In 2021, the International Monetary Fund published a review of fossil fuel subsidies and reported a total of C$7.6 trillion in 2020 or about 6.8 percent of global GDP and are expected to rise significantly by 2025.
“There would be enormous benefits from reform, so there’s an enormous amount at stake,” Ian Parry, an environmental policy expert and lead author of the report, told The Guardian. “Some countries are reluctant to raise energy prices because they think it will harm the poor. But holding down fossil fuel prices is a highly inefficient way to help the poor, because most of the benefits accrue to wealthier households. It would be better to target resources towards helping poor and vulnerable people directly.”Yale School of the Environment
Part of the total reflects governments undercharging supply costs (rights and royalties), but most involve implicit subsidies, including undercharging for environmental costs. Eliminating gifts to fossil fuel producers would raise public revenues while reducing greenhouse gas emissions.
Like other resource sectors protecting profits, the fossil fuel industry spends large sums to discourage subsidy eliminations. In the U.S., the Congressional Committee on Oversight and Reform reported in 2021 that ExxonMobil, Chevron, Shell, BP, and the American Petroleum Institute (API) spent over $450 million lobbying the American federal government since 2011. Chair Carolyn B. Maloney said:
These oil companies pay lip service to climate reforms, but behind the scenes they spend far more time lobbying to preserve their lucrative tax breaks.
Now multiply that lobbying extravagance to include every state and province in North America and all national and regional governments of other oil producing nations. Lobbying by oil and gas companies has an immense return for shareholders and bonus rich executives and it greases the wheels of politics.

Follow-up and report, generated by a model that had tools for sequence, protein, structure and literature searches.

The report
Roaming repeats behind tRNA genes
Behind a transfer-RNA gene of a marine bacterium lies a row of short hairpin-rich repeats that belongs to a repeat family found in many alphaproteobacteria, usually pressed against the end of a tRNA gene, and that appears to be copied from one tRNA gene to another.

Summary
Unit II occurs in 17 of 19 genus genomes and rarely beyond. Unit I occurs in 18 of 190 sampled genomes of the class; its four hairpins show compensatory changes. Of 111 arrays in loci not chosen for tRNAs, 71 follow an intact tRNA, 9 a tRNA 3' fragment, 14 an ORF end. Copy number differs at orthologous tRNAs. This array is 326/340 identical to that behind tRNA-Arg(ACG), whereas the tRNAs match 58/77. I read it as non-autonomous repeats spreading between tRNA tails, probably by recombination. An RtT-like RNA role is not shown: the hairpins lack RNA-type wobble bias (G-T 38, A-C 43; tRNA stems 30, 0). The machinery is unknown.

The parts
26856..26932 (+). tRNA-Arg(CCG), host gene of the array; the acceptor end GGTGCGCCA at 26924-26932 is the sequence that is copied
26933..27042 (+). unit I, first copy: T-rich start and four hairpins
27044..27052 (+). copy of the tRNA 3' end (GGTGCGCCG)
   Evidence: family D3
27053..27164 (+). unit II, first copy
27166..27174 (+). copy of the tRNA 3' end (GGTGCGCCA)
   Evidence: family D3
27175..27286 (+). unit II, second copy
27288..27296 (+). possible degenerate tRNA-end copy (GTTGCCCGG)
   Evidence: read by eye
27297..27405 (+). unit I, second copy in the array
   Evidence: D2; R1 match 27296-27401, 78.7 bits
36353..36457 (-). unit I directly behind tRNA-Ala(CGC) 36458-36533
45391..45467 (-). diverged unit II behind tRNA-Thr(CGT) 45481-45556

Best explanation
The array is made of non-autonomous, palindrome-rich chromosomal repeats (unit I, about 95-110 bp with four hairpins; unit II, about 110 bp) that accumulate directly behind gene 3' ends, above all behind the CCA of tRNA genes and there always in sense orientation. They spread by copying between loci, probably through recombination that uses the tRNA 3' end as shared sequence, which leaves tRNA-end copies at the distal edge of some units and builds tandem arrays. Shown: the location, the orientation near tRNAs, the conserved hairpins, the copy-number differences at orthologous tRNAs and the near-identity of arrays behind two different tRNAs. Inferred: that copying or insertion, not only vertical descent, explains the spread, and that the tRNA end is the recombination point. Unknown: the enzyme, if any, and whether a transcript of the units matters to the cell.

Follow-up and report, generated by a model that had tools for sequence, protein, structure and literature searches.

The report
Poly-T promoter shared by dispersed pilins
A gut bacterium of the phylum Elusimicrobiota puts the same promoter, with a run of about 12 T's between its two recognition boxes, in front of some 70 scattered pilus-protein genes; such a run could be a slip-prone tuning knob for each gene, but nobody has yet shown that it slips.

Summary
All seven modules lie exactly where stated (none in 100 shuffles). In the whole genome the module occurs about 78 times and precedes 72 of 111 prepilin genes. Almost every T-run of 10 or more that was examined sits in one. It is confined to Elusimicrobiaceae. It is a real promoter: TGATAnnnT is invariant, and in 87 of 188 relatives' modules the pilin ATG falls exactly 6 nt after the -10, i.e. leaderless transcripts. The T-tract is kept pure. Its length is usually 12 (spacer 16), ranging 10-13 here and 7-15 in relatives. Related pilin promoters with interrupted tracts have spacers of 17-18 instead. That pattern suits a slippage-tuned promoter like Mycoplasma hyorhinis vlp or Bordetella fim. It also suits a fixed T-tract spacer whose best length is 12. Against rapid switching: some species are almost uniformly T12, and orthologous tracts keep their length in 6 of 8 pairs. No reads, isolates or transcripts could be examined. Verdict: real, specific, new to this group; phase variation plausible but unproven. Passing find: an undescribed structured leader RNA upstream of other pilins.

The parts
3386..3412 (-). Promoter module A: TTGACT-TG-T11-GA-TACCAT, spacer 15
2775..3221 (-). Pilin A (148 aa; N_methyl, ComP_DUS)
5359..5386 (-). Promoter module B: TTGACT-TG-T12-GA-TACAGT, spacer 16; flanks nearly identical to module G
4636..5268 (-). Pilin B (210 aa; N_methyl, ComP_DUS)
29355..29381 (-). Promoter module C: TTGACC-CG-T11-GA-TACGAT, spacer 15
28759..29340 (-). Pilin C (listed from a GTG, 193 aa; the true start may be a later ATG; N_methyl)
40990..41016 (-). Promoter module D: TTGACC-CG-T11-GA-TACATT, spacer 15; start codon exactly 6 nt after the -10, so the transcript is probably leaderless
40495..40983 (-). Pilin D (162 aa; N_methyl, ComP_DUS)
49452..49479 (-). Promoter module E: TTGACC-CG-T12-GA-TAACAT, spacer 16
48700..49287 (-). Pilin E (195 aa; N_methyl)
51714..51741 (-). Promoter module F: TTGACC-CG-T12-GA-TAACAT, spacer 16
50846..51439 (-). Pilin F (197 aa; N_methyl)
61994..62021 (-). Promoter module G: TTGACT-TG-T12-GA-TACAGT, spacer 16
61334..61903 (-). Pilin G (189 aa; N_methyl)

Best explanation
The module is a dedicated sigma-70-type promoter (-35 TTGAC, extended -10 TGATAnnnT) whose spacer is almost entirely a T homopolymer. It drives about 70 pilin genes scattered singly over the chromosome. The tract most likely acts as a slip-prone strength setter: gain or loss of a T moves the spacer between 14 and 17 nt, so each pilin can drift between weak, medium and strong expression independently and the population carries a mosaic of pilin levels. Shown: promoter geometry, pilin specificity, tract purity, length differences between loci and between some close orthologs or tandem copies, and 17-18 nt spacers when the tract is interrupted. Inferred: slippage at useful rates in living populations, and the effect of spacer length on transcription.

Information published by the BC Government shows that subsidies in this province go far beyond direct payments and royalty reduction programs that have amounted to more than $10 billion in the past 15 years.
In addition to royalties, producers pay modest permit fees and rents for rights that were until recently acquired through competitive bidding. To win bids for lands thought to hold commercial quantities, producers and land agents bid bonus amounts. Years ago, bonuses brought in billions of dollars and volumes of natural gas produced were much lower than today.
Ending public tenders for crown petroleum and natural gas rights ends that stream of public revenue.
BC NDP paused monthly tendering for rights in early 2019 and ended them in 2020, except for two minor sales in 2021. There has been no public bidding for rights in the past 14 months and no future sales are scheduled. In 2020, government published a lame excuse that disposition of oil and gas rights had been postponed due to COVID-19 related “travel restrictions affecting bid delivery.”